- The Washington Times - Friday, September 14, 2007

ASSOCIATED PRESS

Five major freight rail companies overcharged customers by more than $6.5 billion under the guise of fuel surcharges, according to a study backed by businesses that accuse U.S. railroads of anti-competitive behavior.

“This is the greatest train robbery of the 21st century,” said Jack Gerard, president and chief executive of the American Chemistry Council, which represents about 90 percent of the nation’s chemical makers.

The council commissioned an economic analysis that found the railroads’ fuel surcharges were excessive by more than $6.5 billion between 2005 and the first quarter of 2007. The study was based on regulatory filings and other estimates for Union Pacific Corp., Burlington Northern Santa Fe Corp., Norfolk Southern Corp., Kansas City Southern and CSX Corp.

Federal regulators in January banned excessive fuel surcharges and imposed strict rules on the fees that many rail companies have openly credited with bolstering their earnings.

The Surface Transportation Board ruling said the railroads must link the surcharges directly to the fuel costs for specific rail shipments and prohibited “double-dipping,” which means fuel costs can’t be calculated into certain price increases if the shipments already have other fuel surcharges.

The board has no authority to enforce refunds or seek penalties, Mr. Gerard said, adding that railroad customers lack any regulatory means to attempt to recoup the money. Still, some have filed lawsuits claiming the fuel surcharges amounted to price-fixing.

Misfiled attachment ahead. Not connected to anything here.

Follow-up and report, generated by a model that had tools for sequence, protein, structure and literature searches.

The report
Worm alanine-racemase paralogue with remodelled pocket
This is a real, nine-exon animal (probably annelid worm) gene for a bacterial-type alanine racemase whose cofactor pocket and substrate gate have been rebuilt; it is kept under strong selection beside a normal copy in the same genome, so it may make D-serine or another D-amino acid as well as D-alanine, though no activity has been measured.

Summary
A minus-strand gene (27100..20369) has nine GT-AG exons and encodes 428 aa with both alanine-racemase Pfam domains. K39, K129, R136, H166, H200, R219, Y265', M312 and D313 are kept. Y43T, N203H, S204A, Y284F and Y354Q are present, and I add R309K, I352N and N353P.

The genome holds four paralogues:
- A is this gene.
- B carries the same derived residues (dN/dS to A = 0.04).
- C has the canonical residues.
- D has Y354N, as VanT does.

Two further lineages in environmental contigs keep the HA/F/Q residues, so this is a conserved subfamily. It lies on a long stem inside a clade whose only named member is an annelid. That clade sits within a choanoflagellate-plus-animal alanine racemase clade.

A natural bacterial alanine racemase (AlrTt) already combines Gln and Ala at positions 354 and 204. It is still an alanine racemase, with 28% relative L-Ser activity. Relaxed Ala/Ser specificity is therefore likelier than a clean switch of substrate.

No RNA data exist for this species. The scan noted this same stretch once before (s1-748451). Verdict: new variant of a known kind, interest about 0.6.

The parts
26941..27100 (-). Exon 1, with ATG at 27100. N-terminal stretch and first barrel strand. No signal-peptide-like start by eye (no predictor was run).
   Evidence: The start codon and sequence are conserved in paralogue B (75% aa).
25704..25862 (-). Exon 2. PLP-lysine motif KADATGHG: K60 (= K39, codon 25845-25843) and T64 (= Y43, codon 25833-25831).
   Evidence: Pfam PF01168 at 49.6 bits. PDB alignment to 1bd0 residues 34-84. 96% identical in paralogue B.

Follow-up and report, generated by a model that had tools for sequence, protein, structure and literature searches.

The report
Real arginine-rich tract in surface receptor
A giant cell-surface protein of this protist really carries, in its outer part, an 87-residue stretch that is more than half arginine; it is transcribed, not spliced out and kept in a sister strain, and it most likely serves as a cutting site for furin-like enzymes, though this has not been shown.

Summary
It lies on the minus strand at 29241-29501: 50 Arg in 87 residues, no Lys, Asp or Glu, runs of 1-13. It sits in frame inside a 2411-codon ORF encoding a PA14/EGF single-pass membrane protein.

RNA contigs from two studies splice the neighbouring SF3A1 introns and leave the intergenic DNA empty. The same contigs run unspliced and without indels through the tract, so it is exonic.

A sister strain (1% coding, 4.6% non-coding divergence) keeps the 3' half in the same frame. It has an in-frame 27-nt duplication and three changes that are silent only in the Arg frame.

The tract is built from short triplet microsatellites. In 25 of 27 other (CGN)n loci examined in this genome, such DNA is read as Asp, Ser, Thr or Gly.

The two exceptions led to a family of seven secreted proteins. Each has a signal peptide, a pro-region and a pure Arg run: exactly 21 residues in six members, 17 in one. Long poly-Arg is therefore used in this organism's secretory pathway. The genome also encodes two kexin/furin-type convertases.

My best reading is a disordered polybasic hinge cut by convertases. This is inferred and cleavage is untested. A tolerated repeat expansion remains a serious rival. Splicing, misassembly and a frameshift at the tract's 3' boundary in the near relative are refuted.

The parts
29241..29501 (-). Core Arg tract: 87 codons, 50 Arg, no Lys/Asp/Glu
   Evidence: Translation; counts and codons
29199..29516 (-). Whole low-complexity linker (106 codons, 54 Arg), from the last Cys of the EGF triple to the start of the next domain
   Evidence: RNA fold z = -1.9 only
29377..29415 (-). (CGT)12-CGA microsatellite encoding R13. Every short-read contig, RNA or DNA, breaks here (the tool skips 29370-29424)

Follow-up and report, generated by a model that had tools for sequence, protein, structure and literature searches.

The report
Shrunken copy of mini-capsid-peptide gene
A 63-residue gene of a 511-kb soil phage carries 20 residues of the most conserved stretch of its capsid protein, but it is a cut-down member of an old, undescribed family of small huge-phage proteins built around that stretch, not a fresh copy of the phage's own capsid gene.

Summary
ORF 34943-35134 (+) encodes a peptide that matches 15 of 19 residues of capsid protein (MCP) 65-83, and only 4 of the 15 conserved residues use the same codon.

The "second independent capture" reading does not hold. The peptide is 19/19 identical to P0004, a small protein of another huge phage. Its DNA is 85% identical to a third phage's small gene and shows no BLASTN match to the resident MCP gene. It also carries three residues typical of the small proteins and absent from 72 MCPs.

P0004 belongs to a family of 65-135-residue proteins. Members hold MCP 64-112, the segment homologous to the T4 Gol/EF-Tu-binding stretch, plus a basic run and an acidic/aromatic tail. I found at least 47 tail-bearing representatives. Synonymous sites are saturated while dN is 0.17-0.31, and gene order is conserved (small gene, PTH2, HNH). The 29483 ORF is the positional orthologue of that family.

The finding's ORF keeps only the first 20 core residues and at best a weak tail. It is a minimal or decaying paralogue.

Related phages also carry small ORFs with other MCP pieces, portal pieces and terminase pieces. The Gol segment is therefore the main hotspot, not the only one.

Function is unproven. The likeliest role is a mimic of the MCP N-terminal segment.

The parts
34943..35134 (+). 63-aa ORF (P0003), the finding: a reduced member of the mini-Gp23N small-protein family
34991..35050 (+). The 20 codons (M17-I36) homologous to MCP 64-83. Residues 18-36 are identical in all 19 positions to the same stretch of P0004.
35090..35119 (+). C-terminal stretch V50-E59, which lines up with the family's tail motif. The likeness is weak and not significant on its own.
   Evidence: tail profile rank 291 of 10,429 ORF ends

Phoenix-based Dust Pro Inc. in May filed an antitrust lawsuit that seeks class-action status on behalf of parties that shipped goods on one or more of the five railroads since July 2003.

The lawsuit, filed in the U.S. District Court for New Jersey, seeks monetary damages from the railroads, which reputedly fixed prices for the fuel surcharges without any relationship to fuel costs.

The lawsuit cited the Surface Transportation Board’s decision, even though the agency’s ruling applied only to rate-regulated shipping. The majority of shipments involved in the lawsuit are unregulated.

Robin Chapman, a spokesman for Norfolk Southern, declined to comment on the study, but said the antitrust lawsuits were “without merit” and that the company plans to contest them.

Tom White, a spokesman for the Association of American Railroads, said the lawsuits prove that the industry’s rates already are subject to antitrust laws, though he acknowledged the industry has been exempt from some laws since it was deregulated in 1980.

The Surface Transportation Board yesterday awarded a $1 million contract to a consulting firm to assess competition in the freight railroad industry. The study, prompted by a Government Accountability Office report that expressed concerns on the matter, will be completed next fall.

The American Chemistry Council and other trade groups support legislation that would subject railroads to stiffer antitrust standards.

The trade groups think their chances of passing such legislation are helped by the $300 million fines that the Justice Department levied last month against British Airways PLC and Korean Air Co. for colluding with rivals over cargo rates and fuel surcharges.

The five companies involved spent a total of about $6.3 million lobbying the federal government in the first half of 2007, compared with a total of about $1.6 million for the American Chemistry Council, Consumers United for Rail Equity and the Consumer Federation, according to disclosure records.

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